1st Lt. William Lucas Cockrum
is known about 1st Lt. William L. Cockrum is that he was born on October
25, 1910, and was the youngest of two sons of Monroe & Mary
Cockrum. As a child, he lived in Brown,
Arkansas. He was called up to active duty on July 5, 1941, and was assigned to C Company,
194th Tank Battalion as a commander of a tank
platoon at Fort Lewis, Washington.
William lived through the Japanese attack on Clark Field on December 8, 1941. After the attack he spent the next four months fighting the Japanese. On April 9, 1942, he became a Prisoner of War when Bataan was surrendered to the Japanese. According to the personnel roster of the 194th Tank Battalion and the personnel roster for the 192nd Tank Battalion, William Cockrum was reassigned to C Company, 192nd Tank Battalion, during the Battle of Bataan.
William took part in the death march from Mariveles to San Fernando. There, he and the other POWs were boarded into boxcars and road to Capas. From Capas, the POWs walked the last few miles to Camp O'Donnell.
Sometime during William's imprisonment, he was sent to Bilibid Prison near Manila. How long he was there is not known. In early December, the Japanese ordered the American medical staff at the prison to put together a list of POWs healthy enough to be sent to Japan..
The morning of December 12, 1944, roll was taken and the names of the men selected were read to the POWs. William's name was called. That evening the POWs were allowed to say goodbye to their friends. At 4 a.m., the POWs were woke and fed breakfast. 1,619 POWs were marched to Manila's Pier 7.
As the POWs stood on the dock, Japanese women and children were boarded onto the ship. In addition, Japanese seamen who had survived the sinking of their ships were boarded. It was not until that evening that POWs were boarded onto the Oryoku Maru. The ship was part of MATA-37 convoy.
The convoy sailed for Takao, Formosa after the POWs were boarded. William and the other POWs were packed so tightly in the hold that they had a difficult time getting sleep. The morning of December 14th the convoy was off the coast of Luzon in Subic Bay. The POWs were receiving breakfast when the sound of planes approaching could be heard. These fighter bombers were planes from the U.S.S. Hornet
The POWs on deck heard the change in the sound of the planes engines which indicated that the planes were diving on the ships. Bombs began exploding around the ships. Bullets also began hitting a the ship as the POWs on deck scrambled down the ladders. The POWs in the hold had no way to protect themselves so they huddled together while dust and rust chips fell down on them.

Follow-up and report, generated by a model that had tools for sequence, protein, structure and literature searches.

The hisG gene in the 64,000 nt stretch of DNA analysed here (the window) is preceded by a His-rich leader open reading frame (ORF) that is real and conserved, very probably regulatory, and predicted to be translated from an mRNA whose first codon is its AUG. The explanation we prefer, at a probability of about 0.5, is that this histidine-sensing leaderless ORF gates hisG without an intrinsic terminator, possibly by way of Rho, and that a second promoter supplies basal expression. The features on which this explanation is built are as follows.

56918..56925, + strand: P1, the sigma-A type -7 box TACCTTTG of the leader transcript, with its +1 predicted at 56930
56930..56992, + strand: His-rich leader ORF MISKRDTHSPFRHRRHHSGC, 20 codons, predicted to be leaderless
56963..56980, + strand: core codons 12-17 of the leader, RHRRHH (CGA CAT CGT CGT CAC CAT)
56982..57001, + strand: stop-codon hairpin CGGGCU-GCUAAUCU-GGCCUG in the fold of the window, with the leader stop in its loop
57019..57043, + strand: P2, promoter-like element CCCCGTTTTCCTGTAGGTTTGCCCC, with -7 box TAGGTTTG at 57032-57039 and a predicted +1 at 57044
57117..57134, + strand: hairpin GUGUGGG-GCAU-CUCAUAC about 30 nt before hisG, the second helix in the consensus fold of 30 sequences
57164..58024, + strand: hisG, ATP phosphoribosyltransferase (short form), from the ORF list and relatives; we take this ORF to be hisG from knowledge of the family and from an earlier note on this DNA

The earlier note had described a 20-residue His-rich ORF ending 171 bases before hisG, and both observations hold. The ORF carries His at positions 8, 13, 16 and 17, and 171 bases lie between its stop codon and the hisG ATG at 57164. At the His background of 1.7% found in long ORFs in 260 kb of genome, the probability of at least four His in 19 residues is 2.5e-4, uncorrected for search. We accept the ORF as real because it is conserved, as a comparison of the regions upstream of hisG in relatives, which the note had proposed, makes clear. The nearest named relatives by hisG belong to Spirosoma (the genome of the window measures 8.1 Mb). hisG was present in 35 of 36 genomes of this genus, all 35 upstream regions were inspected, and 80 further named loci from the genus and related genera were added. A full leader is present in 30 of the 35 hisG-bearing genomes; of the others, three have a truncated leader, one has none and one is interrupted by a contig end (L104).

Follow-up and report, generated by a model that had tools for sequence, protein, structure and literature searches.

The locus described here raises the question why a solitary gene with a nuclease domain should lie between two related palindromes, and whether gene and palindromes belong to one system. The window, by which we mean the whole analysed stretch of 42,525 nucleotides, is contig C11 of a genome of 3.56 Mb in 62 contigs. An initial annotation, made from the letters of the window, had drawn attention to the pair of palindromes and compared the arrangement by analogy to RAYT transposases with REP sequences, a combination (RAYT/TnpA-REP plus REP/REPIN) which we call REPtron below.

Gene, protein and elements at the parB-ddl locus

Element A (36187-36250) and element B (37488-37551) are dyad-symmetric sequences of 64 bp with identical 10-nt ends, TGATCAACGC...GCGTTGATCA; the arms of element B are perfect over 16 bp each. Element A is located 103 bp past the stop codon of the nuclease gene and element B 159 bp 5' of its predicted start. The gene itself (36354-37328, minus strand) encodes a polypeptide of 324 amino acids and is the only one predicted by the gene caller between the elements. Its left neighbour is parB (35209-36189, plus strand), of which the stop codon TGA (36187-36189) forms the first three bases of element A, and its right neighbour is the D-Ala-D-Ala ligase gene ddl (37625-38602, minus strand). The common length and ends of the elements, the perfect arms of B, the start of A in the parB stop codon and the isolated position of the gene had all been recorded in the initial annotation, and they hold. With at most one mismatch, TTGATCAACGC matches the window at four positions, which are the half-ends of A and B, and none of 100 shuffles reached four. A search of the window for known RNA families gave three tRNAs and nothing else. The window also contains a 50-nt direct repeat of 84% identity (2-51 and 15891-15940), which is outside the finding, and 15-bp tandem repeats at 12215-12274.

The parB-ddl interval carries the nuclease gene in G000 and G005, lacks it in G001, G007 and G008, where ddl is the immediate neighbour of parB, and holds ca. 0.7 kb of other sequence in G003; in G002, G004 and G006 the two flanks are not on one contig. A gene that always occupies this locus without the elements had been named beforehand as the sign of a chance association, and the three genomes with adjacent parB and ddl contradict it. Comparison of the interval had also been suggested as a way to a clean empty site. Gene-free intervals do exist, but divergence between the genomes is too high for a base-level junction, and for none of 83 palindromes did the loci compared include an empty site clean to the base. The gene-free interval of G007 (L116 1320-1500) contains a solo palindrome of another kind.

During the day, the Oryoku Maru and the other ships were attacked a total of seventeen times. Six bombs from the planes hit the Oryoku Maru during the attacks. One is known to have hit the right side of hold number one. How many prisoners died is not known. It is not known if William was killed in the attacks.
That night the surviving POWs could hear the sounds of lifeboats being lowered. In the boats, were the women and children that they saw boarding the ship in Manila.
The next morning the attacks continued. A Japanese guard appeared at the hatches and told the POWs that they should abandon ship. He also told them the wounded should be the first off the ship. As the POWs swam toward shore, they were shot at by Japanese machine guns.
1st Lt. William L. Cockrum and the other POWs were rounded up on tennis courts near the Olongapo Naval Station. From there, surviving prisoners were taken to San Fernando, Pampanga. There, they were held in a jail and a movie theater. The Japanese asked if any of the POWs could not continue the trip. Fifteen men stated that they were too ill to go on to San Fernando. The Japanese loaded these POWs onto a truck and took them up into the mountains. They were never seen again.
On December 24th, the remaining POWs were loaded onto trains and sent to San Fernando, La Union. Most of the POWs were boarded onto a second ship the Enoura Maru. The ship sailed for Formosa and arrived safely. The POWs were kept in the ship's holds as it sat in the harbor.
On January 6, 1945, the harbor was strafed and bombed by American planes. During the attack the Enoura Maru was hit several times by bombs. One bomb came through the hatch of the hold and exploded inside of it. This explosion resulted in the death of many of the POWs, while many others were wounded.
William was one of the POWs who was wounded. He was taken from the ship and put on a third hell ship the Brazil Maru. This final ship made it to Moji, Japan safely. Because of his wounds, William was taken to the hospital in Moji. According to available information, his legs were paralyzed.
On February 3, 1945, 1st Lt. William L. Cockrum died from his wounds at the hospital in Moji. After the war in October 1948, the remains of 1st Lt. William L. Cockrum were returned to the United States. He was buried at Corning Cemetery in Corning, Arkansas.